Wednesday, May 5, 2010

Improving Creativity

Working in Collaborative Law, one of the great joys of the process is creating new solutions to problems that the parties may have felt were impossible to resolve.

I recently ran across an article from Scientific American magazine that dealt with creativity and gave some encouraging ideas on how to increase creativity in people. You can read the article and you may get some ideas that will help some aspect of your life. As I read the article, I thought about how it could be applied in the Collaborative Law context. Here are some possible ways to increase creativity in Collaborative cases by temporarily changing your reality to work from a different point of view. (These are just my creations and are not based on science or even from suggestions in the article, but I invite you to take a look and have a little fun with it.)

  • Change some variables. On children's issues, you might try changing the number of children you are working with, or change the schedules that affect the children or each parent, or change locations where the parties may be, or change the financial status. For financial issues, you can change the assets under consideration, change the amounts available, change the needs, change locations, etc. If you modify some variables, create some solutions under the different set of facts, and that may generate new solutions that could be transformed to fit your situation. At the least, it should make both parties more open-minded and broaden the range of possible solutions.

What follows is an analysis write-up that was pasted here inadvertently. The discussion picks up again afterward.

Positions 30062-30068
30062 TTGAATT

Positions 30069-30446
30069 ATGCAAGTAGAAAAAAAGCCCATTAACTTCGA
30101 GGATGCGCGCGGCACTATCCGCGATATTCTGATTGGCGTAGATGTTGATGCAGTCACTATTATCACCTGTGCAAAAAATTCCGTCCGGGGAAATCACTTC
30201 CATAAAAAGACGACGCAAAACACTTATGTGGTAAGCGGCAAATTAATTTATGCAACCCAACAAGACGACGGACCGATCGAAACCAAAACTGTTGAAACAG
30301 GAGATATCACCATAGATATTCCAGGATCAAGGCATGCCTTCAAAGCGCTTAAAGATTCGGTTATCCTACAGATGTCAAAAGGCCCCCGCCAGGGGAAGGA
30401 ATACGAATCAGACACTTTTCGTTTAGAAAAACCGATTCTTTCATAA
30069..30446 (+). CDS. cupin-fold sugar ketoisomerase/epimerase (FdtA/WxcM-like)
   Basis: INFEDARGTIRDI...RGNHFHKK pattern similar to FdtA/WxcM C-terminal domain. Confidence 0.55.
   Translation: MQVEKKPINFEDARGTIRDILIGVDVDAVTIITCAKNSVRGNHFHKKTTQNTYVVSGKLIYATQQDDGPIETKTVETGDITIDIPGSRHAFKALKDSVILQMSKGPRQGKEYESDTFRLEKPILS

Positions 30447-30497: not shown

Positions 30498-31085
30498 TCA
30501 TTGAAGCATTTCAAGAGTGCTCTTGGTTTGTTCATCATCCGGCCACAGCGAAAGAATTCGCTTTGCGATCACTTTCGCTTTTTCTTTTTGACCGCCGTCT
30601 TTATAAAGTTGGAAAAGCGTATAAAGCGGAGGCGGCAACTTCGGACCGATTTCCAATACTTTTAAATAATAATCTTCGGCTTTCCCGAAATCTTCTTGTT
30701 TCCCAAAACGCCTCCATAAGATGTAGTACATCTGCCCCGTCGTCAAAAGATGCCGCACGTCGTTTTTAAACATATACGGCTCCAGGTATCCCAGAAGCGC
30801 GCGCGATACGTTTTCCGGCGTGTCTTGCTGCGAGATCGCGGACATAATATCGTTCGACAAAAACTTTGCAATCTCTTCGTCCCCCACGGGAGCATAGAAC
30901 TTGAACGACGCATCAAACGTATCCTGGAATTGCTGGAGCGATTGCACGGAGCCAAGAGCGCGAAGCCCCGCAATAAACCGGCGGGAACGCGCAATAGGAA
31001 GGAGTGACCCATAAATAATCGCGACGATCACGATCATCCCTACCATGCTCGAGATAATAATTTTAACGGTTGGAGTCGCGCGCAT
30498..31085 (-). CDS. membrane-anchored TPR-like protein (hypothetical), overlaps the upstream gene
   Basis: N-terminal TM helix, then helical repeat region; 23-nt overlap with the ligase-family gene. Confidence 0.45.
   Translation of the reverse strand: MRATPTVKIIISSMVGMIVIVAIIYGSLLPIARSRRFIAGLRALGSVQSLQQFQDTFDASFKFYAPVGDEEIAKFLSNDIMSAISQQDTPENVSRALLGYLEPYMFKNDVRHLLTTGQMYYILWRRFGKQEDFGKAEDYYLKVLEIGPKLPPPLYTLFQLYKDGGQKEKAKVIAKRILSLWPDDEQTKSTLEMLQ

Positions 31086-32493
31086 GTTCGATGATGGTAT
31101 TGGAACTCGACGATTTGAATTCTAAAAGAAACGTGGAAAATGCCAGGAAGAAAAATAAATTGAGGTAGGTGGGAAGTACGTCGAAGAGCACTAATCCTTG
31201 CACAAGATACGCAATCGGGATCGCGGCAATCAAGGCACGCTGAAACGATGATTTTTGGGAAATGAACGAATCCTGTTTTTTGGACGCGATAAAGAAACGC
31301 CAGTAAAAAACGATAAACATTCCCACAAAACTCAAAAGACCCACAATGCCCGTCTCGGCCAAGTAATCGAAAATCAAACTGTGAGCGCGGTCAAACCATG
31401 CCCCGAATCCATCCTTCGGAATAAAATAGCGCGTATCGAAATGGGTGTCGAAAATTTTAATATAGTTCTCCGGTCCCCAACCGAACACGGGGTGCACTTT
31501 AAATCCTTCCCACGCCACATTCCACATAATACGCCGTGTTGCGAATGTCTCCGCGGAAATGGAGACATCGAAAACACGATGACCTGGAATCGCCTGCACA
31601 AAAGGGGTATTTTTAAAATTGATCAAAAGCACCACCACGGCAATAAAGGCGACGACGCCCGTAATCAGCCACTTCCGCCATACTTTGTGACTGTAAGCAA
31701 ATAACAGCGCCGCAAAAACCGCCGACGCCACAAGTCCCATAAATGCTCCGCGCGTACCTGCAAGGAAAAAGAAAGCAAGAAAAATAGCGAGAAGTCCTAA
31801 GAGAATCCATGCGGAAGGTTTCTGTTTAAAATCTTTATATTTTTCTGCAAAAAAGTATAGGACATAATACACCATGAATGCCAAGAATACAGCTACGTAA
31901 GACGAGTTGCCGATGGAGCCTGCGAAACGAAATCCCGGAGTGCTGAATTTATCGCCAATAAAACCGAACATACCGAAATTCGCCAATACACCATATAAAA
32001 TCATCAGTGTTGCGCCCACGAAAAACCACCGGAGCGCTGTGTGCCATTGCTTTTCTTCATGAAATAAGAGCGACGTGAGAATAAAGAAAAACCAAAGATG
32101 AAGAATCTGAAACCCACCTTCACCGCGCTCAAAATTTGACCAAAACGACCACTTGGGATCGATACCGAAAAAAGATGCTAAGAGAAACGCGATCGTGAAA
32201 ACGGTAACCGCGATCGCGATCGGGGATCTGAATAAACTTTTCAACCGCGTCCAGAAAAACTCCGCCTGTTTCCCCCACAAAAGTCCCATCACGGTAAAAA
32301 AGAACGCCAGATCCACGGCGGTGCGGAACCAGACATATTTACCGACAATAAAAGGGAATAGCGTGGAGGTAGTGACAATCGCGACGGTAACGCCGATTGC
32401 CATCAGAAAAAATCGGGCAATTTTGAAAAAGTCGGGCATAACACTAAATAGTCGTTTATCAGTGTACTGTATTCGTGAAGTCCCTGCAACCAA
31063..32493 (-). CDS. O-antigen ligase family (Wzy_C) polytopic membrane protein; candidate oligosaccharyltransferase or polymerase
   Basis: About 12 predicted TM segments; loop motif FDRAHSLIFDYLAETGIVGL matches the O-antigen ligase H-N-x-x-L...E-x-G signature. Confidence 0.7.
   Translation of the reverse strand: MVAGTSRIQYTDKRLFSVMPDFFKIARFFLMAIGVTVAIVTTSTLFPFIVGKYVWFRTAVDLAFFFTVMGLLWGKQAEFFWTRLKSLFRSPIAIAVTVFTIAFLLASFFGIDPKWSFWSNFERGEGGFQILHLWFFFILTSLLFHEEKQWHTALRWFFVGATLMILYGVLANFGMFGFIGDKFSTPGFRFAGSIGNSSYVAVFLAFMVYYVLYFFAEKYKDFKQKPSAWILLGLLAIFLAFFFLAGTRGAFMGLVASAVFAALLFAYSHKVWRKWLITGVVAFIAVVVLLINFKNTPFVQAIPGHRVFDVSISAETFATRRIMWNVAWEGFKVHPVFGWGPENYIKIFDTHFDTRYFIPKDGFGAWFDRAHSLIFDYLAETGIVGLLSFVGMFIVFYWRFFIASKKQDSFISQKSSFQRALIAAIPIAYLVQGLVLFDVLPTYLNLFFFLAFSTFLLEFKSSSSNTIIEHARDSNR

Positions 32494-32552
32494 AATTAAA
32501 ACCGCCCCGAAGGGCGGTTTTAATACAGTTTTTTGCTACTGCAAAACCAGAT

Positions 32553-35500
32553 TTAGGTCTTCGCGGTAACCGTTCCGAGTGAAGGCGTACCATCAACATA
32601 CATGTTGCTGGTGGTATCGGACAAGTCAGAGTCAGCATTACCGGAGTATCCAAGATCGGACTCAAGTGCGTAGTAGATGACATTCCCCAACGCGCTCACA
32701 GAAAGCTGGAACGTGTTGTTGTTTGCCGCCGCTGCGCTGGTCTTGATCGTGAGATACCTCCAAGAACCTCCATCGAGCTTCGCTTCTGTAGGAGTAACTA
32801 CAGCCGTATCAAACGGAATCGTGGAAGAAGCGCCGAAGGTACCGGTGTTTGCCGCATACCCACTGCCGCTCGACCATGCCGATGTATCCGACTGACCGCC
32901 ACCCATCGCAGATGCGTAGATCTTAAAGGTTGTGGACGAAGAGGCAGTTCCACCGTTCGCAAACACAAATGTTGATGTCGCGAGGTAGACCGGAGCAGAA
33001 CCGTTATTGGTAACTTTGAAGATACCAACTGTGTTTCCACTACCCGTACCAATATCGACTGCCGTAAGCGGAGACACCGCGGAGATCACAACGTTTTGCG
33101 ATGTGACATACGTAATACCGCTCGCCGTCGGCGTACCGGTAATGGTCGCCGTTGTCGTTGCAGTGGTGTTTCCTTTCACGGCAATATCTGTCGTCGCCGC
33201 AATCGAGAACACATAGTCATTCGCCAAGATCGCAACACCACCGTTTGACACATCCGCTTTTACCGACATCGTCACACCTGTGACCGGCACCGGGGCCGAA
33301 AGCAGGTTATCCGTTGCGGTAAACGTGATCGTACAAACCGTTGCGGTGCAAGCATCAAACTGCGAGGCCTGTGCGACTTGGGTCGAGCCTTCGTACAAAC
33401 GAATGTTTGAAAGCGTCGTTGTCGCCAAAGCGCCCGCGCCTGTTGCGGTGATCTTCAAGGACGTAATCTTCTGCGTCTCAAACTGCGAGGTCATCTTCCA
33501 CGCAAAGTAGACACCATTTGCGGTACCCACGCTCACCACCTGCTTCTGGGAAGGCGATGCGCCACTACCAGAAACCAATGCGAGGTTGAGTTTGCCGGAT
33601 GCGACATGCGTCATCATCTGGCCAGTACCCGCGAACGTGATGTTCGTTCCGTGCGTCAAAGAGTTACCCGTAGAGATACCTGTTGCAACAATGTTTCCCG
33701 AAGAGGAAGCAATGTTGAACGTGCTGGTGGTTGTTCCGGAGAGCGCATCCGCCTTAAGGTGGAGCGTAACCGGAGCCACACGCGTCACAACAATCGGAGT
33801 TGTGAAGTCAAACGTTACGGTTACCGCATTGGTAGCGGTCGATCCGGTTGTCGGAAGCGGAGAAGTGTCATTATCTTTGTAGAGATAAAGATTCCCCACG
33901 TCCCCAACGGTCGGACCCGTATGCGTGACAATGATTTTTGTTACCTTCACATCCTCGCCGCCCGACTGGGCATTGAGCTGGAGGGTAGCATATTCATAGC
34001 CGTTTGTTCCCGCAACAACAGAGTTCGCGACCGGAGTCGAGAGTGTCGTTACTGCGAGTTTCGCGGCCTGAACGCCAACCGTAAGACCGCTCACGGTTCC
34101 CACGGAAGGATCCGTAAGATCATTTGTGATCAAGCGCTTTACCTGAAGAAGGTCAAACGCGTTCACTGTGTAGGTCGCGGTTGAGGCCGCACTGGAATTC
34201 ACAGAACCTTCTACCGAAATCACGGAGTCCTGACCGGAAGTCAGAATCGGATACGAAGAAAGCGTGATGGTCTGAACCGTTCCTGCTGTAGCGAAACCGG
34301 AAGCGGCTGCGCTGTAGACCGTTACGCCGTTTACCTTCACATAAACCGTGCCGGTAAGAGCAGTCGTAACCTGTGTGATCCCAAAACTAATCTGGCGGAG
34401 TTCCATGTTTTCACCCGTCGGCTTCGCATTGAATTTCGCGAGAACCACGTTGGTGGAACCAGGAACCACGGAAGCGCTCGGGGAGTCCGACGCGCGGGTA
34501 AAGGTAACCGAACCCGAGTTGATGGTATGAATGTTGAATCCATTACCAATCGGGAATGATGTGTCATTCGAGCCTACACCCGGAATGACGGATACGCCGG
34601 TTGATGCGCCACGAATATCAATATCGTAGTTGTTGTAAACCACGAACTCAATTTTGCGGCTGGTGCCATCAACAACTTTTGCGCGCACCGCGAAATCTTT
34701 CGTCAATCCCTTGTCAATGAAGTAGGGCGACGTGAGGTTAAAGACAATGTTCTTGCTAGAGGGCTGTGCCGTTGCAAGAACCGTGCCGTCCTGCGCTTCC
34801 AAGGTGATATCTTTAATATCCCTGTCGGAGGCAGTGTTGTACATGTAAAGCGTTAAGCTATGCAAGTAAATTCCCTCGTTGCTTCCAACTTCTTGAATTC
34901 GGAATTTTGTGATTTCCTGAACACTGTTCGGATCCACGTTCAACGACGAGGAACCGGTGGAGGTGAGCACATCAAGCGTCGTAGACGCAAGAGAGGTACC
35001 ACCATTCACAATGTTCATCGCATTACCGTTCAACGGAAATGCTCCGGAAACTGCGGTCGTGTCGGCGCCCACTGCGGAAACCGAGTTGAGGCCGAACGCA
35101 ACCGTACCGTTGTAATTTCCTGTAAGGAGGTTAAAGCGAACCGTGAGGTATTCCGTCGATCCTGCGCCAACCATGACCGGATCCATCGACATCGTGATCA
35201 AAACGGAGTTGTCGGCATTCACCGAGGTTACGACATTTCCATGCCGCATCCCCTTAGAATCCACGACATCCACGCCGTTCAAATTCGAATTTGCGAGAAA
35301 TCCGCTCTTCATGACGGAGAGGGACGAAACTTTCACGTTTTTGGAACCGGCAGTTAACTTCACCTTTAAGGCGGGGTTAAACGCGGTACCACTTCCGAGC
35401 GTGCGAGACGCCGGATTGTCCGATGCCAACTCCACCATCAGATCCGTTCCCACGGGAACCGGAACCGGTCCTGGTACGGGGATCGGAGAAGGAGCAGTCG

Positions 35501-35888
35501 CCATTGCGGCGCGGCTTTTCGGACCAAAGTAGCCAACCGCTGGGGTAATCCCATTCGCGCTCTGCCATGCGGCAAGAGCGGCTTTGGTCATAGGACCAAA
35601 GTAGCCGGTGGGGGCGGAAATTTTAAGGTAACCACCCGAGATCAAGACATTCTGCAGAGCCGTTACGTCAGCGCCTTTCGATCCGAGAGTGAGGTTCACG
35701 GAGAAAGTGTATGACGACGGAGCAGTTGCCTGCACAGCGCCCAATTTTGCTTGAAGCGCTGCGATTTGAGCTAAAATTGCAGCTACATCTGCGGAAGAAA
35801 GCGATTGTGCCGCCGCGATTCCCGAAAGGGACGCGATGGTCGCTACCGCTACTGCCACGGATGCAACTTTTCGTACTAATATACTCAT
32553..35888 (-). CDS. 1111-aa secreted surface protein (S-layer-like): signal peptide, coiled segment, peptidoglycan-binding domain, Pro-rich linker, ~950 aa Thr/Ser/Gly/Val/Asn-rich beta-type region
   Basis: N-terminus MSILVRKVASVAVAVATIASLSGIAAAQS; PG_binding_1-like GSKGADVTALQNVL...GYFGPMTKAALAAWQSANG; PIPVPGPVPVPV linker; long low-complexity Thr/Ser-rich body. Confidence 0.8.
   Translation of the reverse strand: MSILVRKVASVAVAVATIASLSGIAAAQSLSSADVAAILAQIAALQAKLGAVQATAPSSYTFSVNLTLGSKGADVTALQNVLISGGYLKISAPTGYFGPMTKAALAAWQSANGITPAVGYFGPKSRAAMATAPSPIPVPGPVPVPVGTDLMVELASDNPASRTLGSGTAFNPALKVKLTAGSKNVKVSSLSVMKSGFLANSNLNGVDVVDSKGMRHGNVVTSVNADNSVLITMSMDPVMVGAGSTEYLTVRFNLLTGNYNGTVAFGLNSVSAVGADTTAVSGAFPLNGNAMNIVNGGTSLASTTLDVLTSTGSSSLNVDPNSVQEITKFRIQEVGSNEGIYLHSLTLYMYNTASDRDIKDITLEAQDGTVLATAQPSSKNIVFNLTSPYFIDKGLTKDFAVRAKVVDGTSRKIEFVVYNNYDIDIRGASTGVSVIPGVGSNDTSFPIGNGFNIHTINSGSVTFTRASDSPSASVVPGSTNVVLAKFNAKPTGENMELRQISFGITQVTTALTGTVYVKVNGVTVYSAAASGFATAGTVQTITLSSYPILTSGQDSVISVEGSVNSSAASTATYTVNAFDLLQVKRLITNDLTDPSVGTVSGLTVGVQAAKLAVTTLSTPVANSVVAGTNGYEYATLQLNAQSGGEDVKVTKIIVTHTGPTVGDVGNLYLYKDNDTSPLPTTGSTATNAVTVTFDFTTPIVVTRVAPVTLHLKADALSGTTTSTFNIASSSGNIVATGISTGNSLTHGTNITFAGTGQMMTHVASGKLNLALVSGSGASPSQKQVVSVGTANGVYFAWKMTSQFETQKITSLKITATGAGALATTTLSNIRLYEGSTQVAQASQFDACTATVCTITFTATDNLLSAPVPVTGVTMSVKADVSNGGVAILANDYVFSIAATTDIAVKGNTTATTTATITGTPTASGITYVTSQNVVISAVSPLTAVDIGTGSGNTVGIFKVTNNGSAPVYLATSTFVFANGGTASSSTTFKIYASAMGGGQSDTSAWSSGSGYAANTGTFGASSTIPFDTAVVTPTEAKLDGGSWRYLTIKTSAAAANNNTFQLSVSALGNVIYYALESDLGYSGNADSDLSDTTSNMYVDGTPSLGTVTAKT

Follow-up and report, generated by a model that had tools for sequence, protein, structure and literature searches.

• Change the context or location. If you are in Texas, for example, try finding solutions the same parenting or financial issues that you have, but pretend you live in California or Minnesota or Kansas or New York City or somewhere else completely different. Again, the idea is to open up your brain to consider really different circumstances, which might help generate really different solutions.
  • Change the perspective. Put yourself in someone else's shoes. Reverse the parenting roles for a while. Try looking at the situation from a grandparent's perspective or from the point of view of a mutually respected friend. Consider how someone with more or less money or different job experiences or education might view the issues in property division. Be a third party who is trying to help someone else come up with ideas.
The point of all that isn't to waste time or to generate useless or irrelevant ideas. The point is to exercise and expand your brain, to make it more accepting of off-beat or unique ideas that might ordinarily be rejected or not even considered.

This is a technique that can be used in a case where the parties are having trouble solving problems and coming up with new ideas. It doesn't need to be utilized in the ordinary case where the parties work effectively together and are able to find acceptable solutions. In a difficult case, however, it's another option to be explored. If you have occasion to try this, please write in and let us know how it works.

Credit for the link to the article also goes to a tweet from Jonathan Jordan, a/k/a